EventManager.RegisterClassHandler Method (Type, RoutedEvent, Delegate, Boolean)
Registers a class handler for a particular routed event, with the option to handle events where event data is already marked handled.
Assembly: PresentationCore (in PresentationCore.dll)
public static void RegisterClassHandler( Type classType, RoutedEvent routedEvent, Delegate handler, bool handledEventsToo )
The type of the class that is declaring class handling.
The routed event identifier of the event to handle.
A reference to the class handler implementation.
true to invoke this class handler even if arguments of the routed event have been marked as handled; false to retain the default behavior of not invoking the handler on any marked-handled event.
Class handling is a feature that is available for routed events, including attached events that are implemented with routed event backing. A class handler is like a static handler that exists for all instances of the class. Because the handler is static, you cannot change instance properties directly with a class handler, but you can access instances through the sender parameter and/or the event data.
Class handlers are invoked before instance handlers. You can implement a class handler that has the behavior of marking the event as handled. Therefore, instance handlers for a class-handled event are not invoked unless the instance handlers register specifically for handled events.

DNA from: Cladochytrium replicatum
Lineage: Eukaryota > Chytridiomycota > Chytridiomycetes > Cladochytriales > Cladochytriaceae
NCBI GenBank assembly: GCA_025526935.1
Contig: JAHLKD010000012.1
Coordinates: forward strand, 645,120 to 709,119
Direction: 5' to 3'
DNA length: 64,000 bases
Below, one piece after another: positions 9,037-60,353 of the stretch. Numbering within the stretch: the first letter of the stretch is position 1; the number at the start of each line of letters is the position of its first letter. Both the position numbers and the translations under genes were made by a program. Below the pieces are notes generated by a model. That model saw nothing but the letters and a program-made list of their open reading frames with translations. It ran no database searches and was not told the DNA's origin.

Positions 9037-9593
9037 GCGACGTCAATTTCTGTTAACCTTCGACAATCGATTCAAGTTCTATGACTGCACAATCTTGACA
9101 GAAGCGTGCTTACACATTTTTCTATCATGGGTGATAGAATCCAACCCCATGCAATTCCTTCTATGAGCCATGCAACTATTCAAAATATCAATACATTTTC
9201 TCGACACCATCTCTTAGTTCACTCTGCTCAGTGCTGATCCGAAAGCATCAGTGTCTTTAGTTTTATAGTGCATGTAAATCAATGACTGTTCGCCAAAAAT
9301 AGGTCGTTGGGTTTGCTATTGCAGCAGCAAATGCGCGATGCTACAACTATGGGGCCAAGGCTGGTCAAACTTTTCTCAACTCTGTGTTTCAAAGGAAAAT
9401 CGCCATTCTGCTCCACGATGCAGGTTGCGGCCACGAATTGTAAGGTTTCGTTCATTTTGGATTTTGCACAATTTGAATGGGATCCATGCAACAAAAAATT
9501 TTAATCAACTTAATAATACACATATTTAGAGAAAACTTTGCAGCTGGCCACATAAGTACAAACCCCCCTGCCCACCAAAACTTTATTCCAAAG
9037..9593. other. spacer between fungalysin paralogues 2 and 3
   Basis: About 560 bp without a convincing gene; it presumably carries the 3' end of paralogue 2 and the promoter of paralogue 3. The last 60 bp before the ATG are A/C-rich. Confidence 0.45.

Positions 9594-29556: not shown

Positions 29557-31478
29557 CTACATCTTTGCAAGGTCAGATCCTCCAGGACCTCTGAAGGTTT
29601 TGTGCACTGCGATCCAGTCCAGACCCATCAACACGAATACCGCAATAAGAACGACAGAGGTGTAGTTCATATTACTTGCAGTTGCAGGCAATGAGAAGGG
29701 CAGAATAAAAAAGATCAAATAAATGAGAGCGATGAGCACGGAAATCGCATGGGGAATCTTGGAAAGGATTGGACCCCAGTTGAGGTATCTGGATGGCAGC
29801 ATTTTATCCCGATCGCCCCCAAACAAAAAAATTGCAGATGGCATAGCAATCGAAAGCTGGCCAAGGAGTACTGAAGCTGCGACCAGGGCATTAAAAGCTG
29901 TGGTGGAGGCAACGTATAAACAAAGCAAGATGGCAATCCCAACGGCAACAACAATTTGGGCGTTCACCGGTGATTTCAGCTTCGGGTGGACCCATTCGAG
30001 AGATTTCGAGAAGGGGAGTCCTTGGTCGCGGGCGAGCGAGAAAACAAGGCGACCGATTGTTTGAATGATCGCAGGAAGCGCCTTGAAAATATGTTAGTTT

Many of the WPF base element events provide class handling virtual methods. By overriding these methods in classes that inherit the base classes, you can implement class handling without calling RegisterClassHandler in static constructors. These class handling methods typically exist for input events and have names that start with "On" and end with the name of the event being class handled.
For more information about class handling, see Marking Routed Events as Handled, and Class Handling.
Using this signature, class handlers can be registered to invoke upon handled events, by setting handledEventsToo set to true. Generally, you should do this only if there is a known handling issue you are trying to work around, such as input system handling from mouse or keyboard events.
Available since 3.0